|Vincent C. Marconi|
|Vincent C. Marconi
Associate Medical Director
Division of Infectious Diseases
Emory University School of Medicine
Dr. Marconi joined the faculty in 2009 as the Associate Medical Director of the Grady Health Systems Infectious Disease Program at the Ponce de Leon Center and has a joint appointment in the Emory School of Public Health. He received his Bachelor of Science degree in Microbiology and Cell Science from the University of Florida and his MD degree from the Johns Hopkins University School of Medicine in Baltimore, MD. He completed his clinical and research training in Internal Medicine and Infectious Diseases at the Brigham and Women’s Hospital and Massachusetts General Hospital, Harvard Medical School in Boston, MA. Dr. Marconi was then called to active duty service with the United States Air Force from 2005 to 2009 where he served as the Director of the HIV Medical Evaluation Unit and Research Program in San Antonio, TX. After separating from the USAF, he moved to Emory University to serve as the Associate Medical Director of the Grady Health System Infectious Disease Program. He also works in the Infectious Disease Clinic at the Atlanta VA Medical Center. In addition to his work at Emory, he maintains an ongoing collaboration that began in 2004 with colleagues at McCord Hospital in Durban, South Africa.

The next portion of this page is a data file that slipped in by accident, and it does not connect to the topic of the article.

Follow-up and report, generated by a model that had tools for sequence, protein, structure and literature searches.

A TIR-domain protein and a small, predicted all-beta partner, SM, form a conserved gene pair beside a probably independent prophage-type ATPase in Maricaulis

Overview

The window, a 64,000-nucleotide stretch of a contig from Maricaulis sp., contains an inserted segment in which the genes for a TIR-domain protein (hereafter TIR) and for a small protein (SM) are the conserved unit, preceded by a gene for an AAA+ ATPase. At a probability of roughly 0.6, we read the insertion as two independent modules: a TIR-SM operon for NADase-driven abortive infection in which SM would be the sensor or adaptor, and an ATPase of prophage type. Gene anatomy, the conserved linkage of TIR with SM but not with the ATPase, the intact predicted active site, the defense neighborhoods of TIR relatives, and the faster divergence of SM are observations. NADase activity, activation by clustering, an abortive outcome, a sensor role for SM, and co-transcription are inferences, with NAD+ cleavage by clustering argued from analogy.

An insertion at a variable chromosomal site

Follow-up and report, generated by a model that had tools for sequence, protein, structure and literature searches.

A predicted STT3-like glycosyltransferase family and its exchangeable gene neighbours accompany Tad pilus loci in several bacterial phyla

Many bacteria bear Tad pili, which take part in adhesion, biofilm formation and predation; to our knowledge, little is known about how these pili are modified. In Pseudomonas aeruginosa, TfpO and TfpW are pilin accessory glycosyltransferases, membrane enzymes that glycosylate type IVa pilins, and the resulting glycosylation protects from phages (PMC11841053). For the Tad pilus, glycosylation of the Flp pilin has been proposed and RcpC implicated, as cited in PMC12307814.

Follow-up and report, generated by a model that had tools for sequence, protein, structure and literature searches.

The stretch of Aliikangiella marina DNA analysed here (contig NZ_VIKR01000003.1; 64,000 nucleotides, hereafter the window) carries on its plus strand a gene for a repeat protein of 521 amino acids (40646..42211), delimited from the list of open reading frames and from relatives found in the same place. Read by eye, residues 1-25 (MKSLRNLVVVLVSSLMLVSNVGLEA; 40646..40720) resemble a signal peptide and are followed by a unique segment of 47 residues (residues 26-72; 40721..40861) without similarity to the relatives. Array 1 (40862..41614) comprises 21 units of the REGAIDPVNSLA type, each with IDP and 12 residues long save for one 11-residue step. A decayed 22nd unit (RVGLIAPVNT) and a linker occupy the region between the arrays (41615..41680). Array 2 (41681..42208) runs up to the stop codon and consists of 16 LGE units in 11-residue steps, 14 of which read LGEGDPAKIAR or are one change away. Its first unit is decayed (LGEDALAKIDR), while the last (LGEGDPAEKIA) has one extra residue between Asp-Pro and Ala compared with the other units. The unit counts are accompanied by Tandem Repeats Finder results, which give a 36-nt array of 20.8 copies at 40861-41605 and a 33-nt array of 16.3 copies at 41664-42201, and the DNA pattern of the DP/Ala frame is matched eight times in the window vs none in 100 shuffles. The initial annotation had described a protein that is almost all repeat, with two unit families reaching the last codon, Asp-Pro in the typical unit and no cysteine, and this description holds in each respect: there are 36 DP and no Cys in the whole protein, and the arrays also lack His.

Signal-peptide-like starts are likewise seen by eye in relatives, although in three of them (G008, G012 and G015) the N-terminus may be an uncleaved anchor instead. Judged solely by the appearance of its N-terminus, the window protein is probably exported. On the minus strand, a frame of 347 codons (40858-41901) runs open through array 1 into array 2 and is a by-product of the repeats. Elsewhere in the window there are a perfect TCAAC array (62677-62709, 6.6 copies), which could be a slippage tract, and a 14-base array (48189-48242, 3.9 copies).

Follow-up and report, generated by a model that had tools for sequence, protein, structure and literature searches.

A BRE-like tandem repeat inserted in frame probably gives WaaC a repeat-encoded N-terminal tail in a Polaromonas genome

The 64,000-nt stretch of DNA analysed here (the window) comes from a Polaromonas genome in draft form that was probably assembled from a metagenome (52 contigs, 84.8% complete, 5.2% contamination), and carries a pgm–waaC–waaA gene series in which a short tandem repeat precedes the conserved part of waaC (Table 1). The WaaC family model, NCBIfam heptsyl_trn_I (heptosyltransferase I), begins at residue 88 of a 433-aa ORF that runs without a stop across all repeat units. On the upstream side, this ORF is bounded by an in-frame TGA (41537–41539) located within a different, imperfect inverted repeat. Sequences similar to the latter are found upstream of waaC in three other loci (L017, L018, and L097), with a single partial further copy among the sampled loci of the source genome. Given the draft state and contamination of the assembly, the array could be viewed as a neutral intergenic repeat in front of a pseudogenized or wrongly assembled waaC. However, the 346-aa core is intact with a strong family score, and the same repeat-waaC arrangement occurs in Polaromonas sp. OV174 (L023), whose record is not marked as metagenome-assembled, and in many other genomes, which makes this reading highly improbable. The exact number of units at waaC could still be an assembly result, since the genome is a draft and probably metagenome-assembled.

The main focus of Dr. Marconi's research is to identify the biological, social and behavioral conditions which lead to disparities in HIV treatment response for domestic and international populations. Results from these studies inform the design of interventional trials which attempt to mitigate these conditions in an experimental setting. The ultimate goals of this work are to improve patient care and further characterize the pathogenesis of HIV.His domestic research activities have two primary components: (1) HIV immunopathogenesis as it relates to treatment response and (2) improving retention in care for patients receiving treatment for HIV/AIDS. The immunopathogenesis work includes an effort to discover the biological mechanisms associated with spontaneous HIV suppression and immunologic stability for Elite Controllers.
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